Second malignant neoplasms among survivors of pediatric Hodgkin disease treated with low-dose radiation (15-25.5 Gy) and chemotherapy
Reviewer: Arpi Thukral, MD
Abramson Cancer Center of the University of Pennsylvania
Last Modified: June 3, 2009
Presenter: M.M. O'Brien Presenter's Affiliation: Standford University Type of Session: Scientific
There has been a steady improvementin the survival rates ofpediatric patients with Hodgkin's diseaseas more effective treatment and more accurate staging techniqueshave become available in the last few decades.
As the number ofHodgkin's disease (HD) survivors increases, we are seeing an increased number of late-term toxicities, including second malignant neoplasms (SMN), which are the most common cause of death in these patients.
It is well-known that the occurrence of second malignant neoplasms in these patients is associated with both chemotherapy and radiation.
Current published studies that have reported rates of second malignancies in pediatric patients with HD were treated with radiation 20-30 years ago with radiation doses often exceeding 40 Gy.
Modern protocols use much lower doses of radiation in children with HD, however these studies have been limited by short follow up (median f/up is approximately 10 years).
While it is theorized that lower radiation doses may be associated with lower SMN risk, long-term follow-up of children treated with low-dose radiation is lacking. Therefore, we do not have adequate data on second malignancy risk in these patients.
Pediatric HD patients at Standford University have been routinely on an in-house protocol where low dose RT (15-25.5 Gy) and chemotherapy are used. The main objectives of this protocol were to decrease the risk of complications from radiation for these patients and see a benefit in efficacy.
This retrospective cohort study was performed to examine the occurrence of SMNs among pediatric HD survivors treated at Stanford with chemotherapy and low-dose radiation from 1970 to 1990.
The hypothesis of the current study was that lower radiation doses would lower SMN incidence and provide a longer latency period the development of SMNs.
Materials and Methods
Pediatric HD patients at Standford were treated on the Ped HD1 protocol from 1970-1982, in which patients received 6 cycles of MOPP (mechlorethamine, vincristine, prednisone, procarbazine) with 15-25.5 Gy (dependent on bone age) radiation ± 10 Gy boost. Children on HD1 had to have a bone age< 15 years and radiation was given to a modified involved field.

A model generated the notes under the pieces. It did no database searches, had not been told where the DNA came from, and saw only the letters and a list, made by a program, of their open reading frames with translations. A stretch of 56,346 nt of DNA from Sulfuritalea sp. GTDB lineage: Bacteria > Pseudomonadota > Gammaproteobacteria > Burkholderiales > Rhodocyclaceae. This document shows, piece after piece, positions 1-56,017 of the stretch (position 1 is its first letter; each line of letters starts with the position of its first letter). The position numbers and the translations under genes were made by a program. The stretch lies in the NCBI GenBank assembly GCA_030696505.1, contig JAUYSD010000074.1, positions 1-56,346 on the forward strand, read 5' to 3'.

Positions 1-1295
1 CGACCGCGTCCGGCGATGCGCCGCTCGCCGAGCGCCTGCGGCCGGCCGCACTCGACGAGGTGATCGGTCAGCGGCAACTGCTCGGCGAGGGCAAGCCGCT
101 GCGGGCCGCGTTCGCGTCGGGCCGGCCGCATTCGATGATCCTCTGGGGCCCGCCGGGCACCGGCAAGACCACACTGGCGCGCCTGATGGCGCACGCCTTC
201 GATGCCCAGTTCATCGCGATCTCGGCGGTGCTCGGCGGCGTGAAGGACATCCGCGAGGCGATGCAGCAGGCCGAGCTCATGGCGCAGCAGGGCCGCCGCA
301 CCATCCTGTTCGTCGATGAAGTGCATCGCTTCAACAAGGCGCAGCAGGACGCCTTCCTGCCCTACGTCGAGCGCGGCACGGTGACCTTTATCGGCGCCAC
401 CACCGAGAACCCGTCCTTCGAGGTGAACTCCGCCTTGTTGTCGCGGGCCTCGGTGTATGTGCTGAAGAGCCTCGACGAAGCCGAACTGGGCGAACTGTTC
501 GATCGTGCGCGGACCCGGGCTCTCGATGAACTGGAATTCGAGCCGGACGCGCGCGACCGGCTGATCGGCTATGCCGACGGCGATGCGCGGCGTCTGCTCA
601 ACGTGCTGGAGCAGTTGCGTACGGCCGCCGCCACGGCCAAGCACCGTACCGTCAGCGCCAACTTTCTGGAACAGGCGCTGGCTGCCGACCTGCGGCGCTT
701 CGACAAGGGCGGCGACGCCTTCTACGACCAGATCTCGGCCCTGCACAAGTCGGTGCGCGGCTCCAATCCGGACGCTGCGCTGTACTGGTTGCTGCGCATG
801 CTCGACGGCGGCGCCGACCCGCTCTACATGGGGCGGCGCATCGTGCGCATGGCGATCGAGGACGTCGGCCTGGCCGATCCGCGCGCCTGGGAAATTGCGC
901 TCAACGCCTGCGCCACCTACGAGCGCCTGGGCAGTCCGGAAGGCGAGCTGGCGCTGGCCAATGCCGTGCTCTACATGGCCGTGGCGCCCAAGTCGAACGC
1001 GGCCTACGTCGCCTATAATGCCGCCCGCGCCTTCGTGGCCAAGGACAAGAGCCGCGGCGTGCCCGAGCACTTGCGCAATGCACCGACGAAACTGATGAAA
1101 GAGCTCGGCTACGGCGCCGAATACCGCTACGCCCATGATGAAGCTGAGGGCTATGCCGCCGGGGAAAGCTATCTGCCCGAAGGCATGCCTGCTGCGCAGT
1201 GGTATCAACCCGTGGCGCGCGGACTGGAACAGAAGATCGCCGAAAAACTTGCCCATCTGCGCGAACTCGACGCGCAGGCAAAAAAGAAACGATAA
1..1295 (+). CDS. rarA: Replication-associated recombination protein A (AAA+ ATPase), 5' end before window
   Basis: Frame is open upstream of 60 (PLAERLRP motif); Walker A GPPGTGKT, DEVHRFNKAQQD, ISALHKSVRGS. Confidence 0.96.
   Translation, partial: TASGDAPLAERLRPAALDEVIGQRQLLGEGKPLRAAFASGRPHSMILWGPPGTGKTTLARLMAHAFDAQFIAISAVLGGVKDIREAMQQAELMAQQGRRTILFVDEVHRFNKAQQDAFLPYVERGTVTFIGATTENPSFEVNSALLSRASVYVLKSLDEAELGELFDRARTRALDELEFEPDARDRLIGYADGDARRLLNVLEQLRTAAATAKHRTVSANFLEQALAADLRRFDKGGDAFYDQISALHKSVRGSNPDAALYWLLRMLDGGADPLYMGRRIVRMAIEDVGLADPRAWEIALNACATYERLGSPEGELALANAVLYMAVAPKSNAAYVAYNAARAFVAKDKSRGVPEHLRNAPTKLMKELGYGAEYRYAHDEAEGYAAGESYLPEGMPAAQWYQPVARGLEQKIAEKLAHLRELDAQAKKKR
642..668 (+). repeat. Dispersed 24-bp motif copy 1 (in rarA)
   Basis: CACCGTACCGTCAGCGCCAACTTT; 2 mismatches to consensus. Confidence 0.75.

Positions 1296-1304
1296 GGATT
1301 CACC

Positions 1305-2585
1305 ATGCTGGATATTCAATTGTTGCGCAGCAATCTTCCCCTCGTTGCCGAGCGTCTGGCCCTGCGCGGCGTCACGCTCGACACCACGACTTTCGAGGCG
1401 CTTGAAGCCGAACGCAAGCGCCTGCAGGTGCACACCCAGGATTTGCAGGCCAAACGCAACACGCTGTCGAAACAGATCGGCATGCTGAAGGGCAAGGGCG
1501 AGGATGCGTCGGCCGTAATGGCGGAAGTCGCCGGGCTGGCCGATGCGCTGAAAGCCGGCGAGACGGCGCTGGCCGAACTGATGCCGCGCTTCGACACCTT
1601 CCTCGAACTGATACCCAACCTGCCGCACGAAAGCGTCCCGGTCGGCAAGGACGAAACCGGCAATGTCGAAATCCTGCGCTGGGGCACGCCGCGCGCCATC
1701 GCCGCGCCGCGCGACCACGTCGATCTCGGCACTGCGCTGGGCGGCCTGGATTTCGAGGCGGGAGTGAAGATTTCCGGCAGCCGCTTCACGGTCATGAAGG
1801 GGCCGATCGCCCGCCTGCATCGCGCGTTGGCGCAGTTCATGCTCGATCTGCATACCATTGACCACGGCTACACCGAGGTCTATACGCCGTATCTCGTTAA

From 1982-1990, they were treated on the Ped HD2 protocol with 3 MOPP and 3 ABVD cycles (doxorubicin, bleomycin, vinblastine, dacarbazine) with 15 Gy radiation ± 10 Gy boost to bulky disease. These children had were age <19 and also received radiation to a modified involved field.
Follow-up was obtained through 9/1/2007 by the form of questionnaires.
A thorough central review of pathology reports of secondary malignancies was performed.
Standardized incidence ratios (SIRs) and absolute excess risk (AER) for SMN were calculated using the SEER9 database (1973-2004).
Kaplan-Meier method was used to determine the cumulative SMN incidence.
Univariate associations were evaluated with the chi-square test or t-test, and multivariate analysis was performed with Cox proportional hazards regression using chronological age as the time scale.
110/112 patients achieved remission; median follow-up was 20.6 years.
In the Ped HD1 protocol, the median age was 10.5 years and the median mantle field radiation dose was 20 Gy. The median follow-up for this group was 25.4 years.
4 patients in this group developed secondary leukemia, and 6 patients developed solid tumors (2 breast, 2 thyroid, and 2 other).
In the Ped HD 2 protocol, the median age was slightly higher at 12.4 years. The median mantle field radiation dose was 20 Gy and 90% of patients got below 25.5 Gy. Median f/up was 19 years.
No patients has secondary leukemias, 11 patients developed solid secondary malignancies (thyroid, breast and sarcoma).
The median time to development of SMN was 15.5 years.